Lack of awareness and access to quality healthcare are two major causes for unsafe abortions in India:HCFI

11:09 am Health Care, Heart Care Foundation of India, Medicine, Social Health Community

Sensitizing women in rural areas about the use of contraceptives and safe delivery is the need of the hour

New Delhi, 7th May 2019: About half (48%) of all pregnancies in India are unintended largely because women, both married and unmarried, have no information about safe sex or don’t have access to contraceptives, indicates a recent study. Women are denied sex education in school and information about contraceptives and abortion services out of it, which result in millions of unintended pregnancies every year.

Some of the leading causes of unsafe abortions include poverty, gaps in health services, and teen pregnancy. Abortions are also mostly undertaken by unskilled persons in unregistered places. The need of the hour is large-scale awareness and better regulation of the healthcare sector to provide quality services to all, including contraceptives, safe delivery and abortions.

Speaking about this, Padma Shri Awardee, Dr KK Aggarwal, President, HCFI, said, “One of the major reasons for the high rate of abortions in India is the lack of access to knowledge about contraception. This results in high rates of unplanned pregnancy. Apart from this, abortion pills can be effective and safe when administered correctly. However, many women may not have the right information on how to use them properly, which can prove fatal to their health over time. Only a certain percentage of women may have access to abortions using medication. This makes it imperative to provide the others with accurate information on how to use abortion pills and give them access to quality healthcare in case of any complications.”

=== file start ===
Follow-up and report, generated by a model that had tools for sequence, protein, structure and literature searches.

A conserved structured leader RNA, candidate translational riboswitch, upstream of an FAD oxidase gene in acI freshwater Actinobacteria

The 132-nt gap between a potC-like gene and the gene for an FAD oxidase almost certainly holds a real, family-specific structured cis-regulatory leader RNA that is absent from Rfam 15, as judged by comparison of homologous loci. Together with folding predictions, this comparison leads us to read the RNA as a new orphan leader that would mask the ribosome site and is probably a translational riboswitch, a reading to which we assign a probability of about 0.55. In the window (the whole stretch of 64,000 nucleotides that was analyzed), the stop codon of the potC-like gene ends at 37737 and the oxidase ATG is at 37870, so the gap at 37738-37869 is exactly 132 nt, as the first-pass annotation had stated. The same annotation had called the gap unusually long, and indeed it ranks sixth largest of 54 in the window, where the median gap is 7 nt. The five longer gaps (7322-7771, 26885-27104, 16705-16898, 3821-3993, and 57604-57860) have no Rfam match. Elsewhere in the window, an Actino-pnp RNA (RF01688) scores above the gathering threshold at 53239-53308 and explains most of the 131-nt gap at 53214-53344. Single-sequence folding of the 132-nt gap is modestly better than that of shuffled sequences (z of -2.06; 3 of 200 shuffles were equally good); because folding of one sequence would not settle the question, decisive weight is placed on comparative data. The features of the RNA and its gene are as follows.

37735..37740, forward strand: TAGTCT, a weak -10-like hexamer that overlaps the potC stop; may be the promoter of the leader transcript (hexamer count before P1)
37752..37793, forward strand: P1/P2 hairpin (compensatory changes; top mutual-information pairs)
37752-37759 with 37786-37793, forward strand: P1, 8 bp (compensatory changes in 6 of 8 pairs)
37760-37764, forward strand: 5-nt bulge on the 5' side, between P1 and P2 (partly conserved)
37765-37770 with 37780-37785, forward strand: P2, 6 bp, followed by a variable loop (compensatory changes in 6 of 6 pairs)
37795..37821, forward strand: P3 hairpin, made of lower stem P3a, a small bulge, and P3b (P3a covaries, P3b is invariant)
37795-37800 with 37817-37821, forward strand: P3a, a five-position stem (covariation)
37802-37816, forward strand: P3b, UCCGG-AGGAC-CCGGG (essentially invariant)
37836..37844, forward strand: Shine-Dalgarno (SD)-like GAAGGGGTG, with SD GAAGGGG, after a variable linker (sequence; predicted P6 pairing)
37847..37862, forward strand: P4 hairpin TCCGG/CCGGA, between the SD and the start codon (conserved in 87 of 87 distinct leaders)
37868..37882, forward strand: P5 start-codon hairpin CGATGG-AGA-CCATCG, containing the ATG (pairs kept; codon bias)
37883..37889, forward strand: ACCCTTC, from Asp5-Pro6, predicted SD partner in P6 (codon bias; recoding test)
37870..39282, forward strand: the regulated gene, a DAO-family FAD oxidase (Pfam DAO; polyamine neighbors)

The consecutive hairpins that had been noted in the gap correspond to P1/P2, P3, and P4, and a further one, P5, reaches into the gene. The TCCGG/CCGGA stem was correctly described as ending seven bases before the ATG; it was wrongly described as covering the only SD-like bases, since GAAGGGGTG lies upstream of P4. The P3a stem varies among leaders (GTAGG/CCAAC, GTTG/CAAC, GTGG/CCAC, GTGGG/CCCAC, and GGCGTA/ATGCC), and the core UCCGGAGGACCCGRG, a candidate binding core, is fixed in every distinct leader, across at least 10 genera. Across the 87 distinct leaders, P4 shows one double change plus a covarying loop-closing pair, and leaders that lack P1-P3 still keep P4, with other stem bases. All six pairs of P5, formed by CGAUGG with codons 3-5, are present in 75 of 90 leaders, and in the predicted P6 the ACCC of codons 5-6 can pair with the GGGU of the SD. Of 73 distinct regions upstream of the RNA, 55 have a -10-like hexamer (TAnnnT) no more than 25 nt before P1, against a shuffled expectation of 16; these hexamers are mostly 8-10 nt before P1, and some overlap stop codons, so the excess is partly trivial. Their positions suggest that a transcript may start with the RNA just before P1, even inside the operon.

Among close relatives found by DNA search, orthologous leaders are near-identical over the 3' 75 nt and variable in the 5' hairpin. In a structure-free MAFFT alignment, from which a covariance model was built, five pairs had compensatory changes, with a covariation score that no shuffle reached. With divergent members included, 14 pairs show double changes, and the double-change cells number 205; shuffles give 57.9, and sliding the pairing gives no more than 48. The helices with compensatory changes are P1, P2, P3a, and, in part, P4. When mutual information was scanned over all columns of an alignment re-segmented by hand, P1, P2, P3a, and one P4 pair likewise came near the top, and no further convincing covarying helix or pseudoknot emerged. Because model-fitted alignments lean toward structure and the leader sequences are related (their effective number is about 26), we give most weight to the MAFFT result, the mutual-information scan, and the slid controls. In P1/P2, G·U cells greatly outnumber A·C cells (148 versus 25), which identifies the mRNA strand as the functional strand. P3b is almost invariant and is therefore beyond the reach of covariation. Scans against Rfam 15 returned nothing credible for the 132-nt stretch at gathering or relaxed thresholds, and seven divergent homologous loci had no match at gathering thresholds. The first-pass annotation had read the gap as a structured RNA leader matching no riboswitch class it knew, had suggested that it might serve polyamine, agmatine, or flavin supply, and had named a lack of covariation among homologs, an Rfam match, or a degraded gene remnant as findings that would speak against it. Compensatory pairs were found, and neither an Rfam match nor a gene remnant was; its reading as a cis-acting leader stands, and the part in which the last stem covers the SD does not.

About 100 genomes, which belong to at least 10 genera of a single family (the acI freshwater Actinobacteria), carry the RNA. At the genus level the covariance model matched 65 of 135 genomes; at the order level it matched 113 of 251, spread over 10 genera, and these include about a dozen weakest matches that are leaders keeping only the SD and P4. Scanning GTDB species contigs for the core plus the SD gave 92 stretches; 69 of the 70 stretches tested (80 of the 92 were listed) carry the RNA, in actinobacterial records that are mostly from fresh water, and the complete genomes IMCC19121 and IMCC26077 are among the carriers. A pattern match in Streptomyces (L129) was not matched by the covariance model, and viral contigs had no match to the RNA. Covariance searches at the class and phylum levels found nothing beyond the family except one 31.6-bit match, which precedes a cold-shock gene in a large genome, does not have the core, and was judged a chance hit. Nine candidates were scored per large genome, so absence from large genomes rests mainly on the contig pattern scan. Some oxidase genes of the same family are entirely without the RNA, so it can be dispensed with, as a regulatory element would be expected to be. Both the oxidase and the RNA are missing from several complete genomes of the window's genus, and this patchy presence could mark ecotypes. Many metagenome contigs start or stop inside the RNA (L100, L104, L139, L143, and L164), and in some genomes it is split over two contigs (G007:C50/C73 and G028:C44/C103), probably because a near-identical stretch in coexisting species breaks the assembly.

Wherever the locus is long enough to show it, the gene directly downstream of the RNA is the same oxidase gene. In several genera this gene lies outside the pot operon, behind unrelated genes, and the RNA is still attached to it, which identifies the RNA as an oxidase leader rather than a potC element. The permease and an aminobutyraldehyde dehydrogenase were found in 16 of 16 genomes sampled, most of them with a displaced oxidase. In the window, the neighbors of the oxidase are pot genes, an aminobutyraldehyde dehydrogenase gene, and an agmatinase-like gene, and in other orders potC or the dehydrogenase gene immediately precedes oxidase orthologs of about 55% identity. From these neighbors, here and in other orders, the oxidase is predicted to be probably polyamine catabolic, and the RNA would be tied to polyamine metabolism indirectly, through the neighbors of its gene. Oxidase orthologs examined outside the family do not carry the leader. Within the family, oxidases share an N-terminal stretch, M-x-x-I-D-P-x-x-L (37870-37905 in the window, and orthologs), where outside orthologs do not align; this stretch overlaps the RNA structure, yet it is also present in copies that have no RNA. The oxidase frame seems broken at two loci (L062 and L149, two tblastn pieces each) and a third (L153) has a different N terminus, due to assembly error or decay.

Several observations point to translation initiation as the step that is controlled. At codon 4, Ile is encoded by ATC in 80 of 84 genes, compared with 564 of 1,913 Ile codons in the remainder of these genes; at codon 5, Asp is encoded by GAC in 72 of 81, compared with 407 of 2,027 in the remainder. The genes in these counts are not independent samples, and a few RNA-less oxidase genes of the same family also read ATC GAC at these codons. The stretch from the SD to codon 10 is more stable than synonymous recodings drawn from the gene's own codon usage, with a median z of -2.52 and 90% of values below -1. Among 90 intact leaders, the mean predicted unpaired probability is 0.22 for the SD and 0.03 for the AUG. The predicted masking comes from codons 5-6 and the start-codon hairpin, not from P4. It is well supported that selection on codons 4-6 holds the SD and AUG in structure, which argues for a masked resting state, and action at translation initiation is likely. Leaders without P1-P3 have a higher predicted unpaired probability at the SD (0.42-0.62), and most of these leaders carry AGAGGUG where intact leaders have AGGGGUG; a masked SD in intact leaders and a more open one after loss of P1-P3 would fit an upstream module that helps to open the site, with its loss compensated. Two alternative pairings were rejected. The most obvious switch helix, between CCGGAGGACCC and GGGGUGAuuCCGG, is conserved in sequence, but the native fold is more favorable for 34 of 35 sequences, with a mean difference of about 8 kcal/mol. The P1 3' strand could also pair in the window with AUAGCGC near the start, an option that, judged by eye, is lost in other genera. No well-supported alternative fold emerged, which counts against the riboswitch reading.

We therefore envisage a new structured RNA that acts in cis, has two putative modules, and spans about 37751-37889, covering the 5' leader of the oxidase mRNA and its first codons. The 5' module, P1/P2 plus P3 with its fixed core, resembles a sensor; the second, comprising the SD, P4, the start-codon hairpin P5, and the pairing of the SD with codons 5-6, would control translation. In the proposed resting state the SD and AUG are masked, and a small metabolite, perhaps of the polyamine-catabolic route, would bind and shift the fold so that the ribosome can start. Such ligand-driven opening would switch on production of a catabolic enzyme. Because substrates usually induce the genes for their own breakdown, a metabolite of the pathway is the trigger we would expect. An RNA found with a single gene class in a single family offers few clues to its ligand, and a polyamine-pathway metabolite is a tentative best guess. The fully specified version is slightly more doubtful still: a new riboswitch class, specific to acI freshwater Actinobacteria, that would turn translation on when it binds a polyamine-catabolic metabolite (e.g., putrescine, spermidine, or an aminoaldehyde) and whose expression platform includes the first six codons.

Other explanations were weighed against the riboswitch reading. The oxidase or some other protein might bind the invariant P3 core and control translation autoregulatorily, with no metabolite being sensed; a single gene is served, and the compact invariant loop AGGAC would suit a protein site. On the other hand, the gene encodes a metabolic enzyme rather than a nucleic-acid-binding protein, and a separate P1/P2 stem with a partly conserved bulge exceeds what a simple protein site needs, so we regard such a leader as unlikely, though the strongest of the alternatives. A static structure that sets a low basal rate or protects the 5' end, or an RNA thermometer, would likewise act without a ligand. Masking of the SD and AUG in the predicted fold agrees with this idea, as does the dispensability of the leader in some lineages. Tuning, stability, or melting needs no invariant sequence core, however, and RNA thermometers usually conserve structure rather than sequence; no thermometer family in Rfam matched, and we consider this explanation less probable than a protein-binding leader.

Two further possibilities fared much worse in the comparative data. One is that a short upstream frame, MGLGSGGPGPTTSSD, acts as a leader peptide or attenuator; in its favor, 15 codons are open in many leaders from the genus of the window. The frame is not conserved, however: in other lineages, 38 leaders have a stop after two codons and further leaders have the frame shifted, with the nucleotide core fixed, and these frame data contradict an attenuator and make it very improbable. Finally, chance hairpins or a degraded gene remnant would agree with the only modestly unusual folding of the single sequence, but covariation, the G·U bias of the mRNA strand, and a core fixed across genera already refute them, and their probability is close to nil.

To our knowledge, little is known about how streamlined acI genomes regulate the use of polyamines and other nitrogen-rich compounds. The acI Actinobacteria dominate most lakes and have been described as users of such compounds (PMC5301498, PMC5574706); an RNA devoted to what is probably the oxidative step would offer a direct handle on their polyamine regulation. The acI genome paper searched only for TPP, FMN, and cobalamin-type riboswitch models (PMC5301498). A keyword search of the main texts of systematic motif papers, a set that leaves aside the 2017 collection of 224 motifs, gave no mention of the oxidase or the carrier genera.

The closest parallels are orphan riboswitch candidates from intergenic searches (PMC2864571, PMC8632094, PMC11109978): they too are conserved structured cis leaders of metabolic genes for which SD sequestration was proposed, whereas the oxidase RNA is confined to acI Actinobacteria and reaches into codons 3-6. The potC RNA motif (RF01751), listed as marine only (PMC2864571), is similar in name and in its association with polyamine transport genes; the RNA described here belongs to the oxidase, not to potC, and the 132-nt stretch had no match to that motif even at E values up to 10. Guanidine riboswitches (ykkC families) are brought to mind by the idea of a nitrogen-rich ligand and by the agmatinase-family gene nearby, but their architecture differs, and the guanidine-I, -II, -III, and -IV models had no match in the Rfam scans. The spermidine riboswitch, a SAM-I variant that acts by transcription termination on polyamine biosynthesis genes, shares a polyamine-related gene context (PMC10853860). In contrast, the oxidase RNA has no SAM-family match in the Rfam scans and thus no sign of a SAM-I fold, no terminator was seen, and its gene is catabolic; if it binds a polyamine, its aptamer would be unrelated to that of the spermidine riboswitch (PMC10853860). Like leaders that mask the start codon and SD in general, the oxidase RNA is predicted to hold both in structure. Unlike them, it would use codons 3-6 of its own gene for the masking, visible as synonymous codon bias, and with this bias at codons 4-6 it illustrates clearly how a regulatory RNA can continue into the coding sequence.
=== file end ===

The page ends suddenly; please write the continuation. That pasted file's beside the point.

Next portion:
An estimated 800,000 women in India undergo unsafe abortions through the traditional methods to abort the unwanted fetus. Some of them also go to untrained pharmacists, chemists and informal vendors for the process, indicates the study.

Adding further, Dr Aggarwal, who is also the Group Editor-in-Chief of IJCP, said, “Education and awareness on contraceptives and abortions go hand in hand. Assessing the situation, the need of the hour is to make safe abortion a reality and available across the country. Pregnancy can be terminated surgically or medically. The concern is around medical abortions, done through pills that are either orally or vaginally inserted. While there is a need to improve facilities in public healthcare for safer abortions, awareness programmes can prevent many women from getting into complications through incorrect use of medications.”

Abortion is a highly restricted process in India. The Medical Termination of Pregnancy Act (1971), permits abortions before 12 weeks of pregnancy by a registered medical practitioner or before 20 weeks of pregnancy with the approval of two registered medical practitioners, but only if the mother or child’s mental or physical health is in danger.

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